Danny Orona: Danny’s old white dog, Mike, followed Danny to school and got in the outhouse — down in the hole, and couldn’t get out! The kids were beside themselves. The teacher found a crowbar in the trunk of her car, and pried the seat off. What a mess! Mike had a grand time chasing the kids as they screeched and ran for dear life.
One of the kids rode an old ugly horse to school. Danny painted “Pineapple Princess” on the horses’ hindquarters. “Pineapple Princess” was the name of a popular song back then by Annette Funicello. The rider of the horse didn’t appreciate Danny’s humor.
Frances Blew, now 83, was present for the reunion. She taught for seven terms at the Liberty School, from 1954-1961. Frances believed that the “seat of education was just below the hip bone.” In actuality, she only raised her hand to one child. And he had it coming!
One of the biggest treats for the school was the arrival of chocolate milk in cartons. It was like “seventh heaven!” Some ornery boys broke into the school in the dead of night to do nothing but drink chocolate milk.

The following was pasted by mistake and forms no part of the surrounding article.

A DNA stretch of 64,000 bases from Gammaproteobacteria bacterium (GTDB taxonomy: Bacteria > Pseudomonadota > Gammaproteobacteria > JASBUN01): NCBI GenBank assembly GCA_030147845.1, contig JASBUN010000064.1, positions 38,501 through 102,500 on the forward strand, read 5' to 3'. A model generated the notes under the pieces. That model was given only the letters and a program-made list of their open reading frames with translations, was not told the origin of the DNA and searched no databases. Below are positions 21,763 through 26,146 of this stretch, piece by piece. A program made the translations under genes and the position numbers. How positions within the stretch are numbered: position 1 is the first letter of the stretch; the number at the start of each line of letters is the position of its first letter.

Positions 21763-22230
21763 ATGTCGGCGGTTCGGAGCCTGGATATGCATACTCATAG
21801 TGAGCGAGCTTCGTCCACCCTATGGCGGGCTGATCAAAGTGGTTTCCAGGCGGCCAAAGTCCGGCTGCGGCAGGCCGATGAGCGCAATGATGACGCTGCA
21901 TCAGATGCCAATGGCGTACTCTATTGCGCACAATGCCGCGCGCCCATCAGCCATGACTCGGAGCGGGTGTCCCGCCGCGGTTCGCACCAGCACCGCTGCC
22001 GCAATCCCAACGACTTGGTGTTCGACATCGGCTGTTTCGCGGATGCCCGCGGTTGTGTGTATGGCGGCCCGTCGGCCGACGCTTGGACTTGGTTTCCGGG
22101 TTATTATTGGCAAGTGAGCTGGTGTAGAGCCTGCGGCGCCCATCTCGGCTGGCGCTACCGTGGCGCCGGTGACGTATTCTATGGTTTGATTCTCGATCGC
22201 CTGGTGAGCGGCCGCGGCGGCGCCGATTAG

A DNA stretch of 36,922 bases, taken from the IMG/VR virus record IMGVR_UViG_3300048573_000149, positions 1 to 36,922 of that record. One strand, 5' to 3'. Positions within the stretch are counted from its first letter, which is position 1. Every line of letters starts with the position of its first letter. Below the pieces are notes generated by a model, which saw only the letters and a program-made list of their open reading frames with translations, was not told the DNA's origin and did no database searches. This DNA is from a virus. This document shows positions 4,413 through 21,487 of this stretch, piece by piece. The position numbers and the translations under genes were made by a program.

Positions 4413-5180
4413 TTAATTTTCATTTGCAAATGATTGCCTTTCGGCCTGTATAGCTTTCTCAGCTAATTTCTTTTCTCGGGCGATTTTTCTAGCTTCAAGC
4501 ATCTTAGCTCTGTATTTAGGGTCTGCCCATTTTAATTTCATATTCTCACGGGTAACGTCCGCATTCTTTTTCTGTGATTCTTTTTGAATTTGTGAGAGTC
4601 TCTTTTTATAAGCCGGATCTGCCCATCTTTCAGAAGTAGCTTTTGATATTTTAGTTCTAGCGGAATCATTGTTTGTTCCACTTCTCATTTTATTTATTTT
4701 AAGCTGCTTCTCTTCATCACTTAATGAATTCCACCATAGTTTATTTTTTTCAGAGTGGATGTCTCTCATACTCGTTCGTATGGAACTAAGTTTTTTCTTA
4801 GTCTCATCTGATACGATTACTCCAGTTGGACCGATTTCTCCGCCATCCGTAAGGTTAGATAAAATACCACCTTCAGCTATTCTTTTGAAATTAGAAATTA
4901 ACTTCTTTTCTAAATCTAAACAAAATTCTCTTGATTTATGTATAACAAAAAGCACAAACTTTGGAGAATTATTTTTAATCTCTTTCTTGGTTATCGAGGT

Another great treat for the students was when it became “their turn” to go home with the teacher. The teacher lived in Belknap, which had a skating rink. Nothing quite compared to spending the night at the teacher’s house and roller skating.
Ron Mace: His father contributed an acre of his 80 acres for the Liberty School building.
Many of the one-room schools, as with the Liberty School, have been torn down. (Davis County had 100 one-room schools.) Sometimes referred to as “free-range kids,” the students of these one-room pillars of education, have a wealth of memories. Frances Blew perhaps stated it best, “Schools can be torn down, memories live forever.”
Have a good story? Call or text Curt Swarm in Mt. Pleasant at (319) 217-0526 or email him at firstname.lastname@example.org.